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What is a reverse mortgage?

You’ve invested years in your home, now discover the rewards! A reverse mortgage is a type of home equity loan for senior homeowners that may allow you to convert some of the equity in your home into cash while you retain homeownership. Instead of making monthly mortgage payments like a traditional home loan, Reverse Mortgages are paid back in one lump sum when the borrower no longer resides in the home1.

A refinance or Reverse Mortgage for purchase is often decided upon with input from family members and financial professionals, such as a CPA or Attorney, to ensure that if fits your current and future financial plans. Our loan officers specializing in Reverse Mortgages understand the importance of working with everyone involved in the process and are dedicated to helping you make the right decisions for your specific goals.

Can I qualify for a reverse mortgage?

Qualified applicants must be at least 62 years old and occupy the home as their primary residence. There are no employment or health requirements and you must meet financial eligibility criteria as established by the HUD.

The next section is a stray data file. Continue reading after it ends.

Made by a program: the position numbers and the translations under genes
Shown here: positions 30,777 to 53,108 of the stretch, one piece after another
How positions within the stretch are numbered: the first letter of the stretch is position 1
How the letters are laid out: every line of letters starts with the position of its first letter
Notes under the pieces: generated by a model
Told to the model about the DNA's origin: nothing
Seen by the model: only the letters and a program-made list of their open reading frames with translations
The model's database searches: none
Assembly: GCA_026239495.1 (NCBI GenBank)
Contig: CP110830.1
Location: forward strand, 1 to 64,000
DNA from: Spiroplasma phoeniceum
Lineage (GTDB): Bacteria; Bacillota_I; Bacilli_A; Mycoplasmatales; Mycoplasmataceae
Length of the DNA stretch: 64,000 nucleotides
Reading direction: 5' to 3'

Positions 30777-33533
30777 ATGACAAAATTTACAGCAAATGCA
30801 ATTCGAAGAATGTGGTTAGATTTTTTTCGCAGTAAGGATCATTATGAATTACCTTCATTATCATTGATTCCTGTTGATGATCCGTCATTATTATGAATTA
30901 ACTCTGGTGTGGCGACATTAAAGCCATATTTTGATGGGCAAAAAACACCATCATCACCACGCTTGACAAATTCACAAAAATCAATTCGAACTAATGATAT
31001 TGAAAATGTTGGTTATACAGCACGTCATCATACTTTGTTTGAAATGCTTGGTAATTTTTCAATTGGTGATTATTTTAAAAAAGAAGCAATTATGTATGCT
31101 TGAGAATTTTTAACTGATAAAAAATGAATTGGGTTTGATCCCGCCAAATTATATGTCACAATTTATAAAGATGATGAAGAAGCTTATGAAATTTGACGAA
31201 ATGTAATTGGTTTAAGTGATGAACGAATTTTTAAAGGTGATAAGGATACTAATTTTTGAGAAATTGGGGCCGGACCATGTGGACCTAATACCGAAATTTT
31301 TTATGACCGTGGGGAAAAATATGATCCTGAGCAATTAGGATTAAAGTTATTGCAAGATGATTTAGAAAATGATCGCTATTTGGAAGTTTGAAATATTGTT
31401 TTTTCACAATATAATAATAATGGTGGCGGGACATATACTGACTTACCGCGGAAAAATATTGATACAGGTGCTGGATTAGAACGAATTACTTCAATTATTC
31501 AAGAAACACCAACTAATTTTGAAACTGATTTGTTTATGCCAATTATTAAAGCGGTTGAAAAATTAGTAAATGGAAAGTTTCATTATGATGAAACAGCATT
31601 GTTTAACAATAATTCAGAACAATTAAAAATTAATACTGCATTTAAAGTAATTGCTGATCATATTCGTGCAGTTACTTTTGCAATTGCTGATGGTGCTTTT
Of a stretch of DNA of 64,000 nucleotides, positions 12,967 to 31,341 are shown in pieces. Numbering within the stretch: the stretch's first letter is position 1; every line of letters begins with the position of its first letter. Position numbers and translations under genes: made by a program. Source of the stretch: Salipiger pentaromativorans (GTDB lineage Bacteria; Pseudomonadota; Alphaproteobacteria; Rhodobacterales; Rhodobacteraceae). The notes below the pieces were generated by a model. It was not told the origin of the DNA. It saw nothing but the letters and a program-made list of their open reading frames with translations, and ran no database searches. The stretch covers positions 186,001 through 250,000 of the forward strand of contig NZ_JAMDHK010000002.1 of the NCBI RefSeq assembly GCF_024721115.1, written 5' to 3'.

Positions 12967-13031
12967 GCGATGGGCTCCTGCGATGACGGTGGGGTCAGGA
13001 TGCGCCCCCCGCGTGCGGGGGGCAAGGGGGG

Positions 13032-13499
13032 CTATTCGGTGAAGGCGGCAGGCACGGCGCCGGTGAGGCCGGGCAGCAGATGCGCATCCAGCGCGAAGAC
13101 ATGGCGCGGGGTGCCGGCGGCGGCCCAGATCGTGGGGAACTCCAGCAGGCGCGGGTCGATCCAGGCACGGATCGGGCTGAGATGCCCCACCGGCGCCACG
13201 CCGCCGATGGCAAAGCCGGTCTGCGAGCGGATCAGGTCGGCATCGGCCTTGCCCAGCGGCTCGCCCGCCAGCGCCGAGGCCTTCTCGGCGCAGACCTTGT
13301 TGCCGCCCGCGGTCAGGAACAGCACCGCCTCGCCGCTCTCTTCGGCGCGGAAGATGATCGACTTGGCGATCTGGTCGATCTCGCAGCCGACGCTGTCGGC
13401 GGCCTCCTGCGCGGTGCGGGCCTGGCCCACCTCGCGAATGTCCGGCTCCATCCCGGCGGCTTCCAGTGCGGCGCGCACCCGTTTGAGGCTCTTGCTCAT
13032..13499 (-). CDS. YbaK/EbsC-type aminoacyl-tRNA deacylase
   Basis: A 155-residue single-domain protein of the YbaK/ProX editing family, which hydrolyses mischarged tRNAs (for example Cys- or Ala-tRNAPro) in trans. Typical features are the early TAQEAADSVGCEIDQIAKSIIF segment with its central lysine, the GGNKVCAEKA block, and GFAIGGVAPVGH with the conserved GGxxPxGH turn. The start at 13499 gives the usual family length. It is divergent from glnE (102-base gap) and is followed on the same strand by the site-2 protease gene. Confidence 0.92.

A Reverse Mortgage does require someone with experience, patience and understanding to help you determine if your specific goals can be met through one, so contact your local loan officer today.

How much is the down payment for a reverse mortgage?

Reverse Mortgages are a bit different than traditional mortgages and the amount of money that you would be required to put down varies depending on your situation.

You can pay for most of the costs of a HECM by financing them and having them paid from the proceeds of the loan. Financing the costs means that you do not have to pay for them out of your pocket. On the other hand, financing the costs reduces the net loan amount available to you.

Benefits


  • Eliminate monthly mortgage payments with a HECM for Purchase1
  • Increase your purchase power
  • Move closer to friends and family
  • Lower your cost of living during retirement
  • Move into a new, smaller home or into a senior housing community
  • Protect your hard-earned savings
1 You must still live in the home as your primary residence, continue to pay required property taxes, homeowners insurance, and maintain the home according to FHA requirements. Failure to meet these requirements can trigger a loan default that may result in foreclosure.

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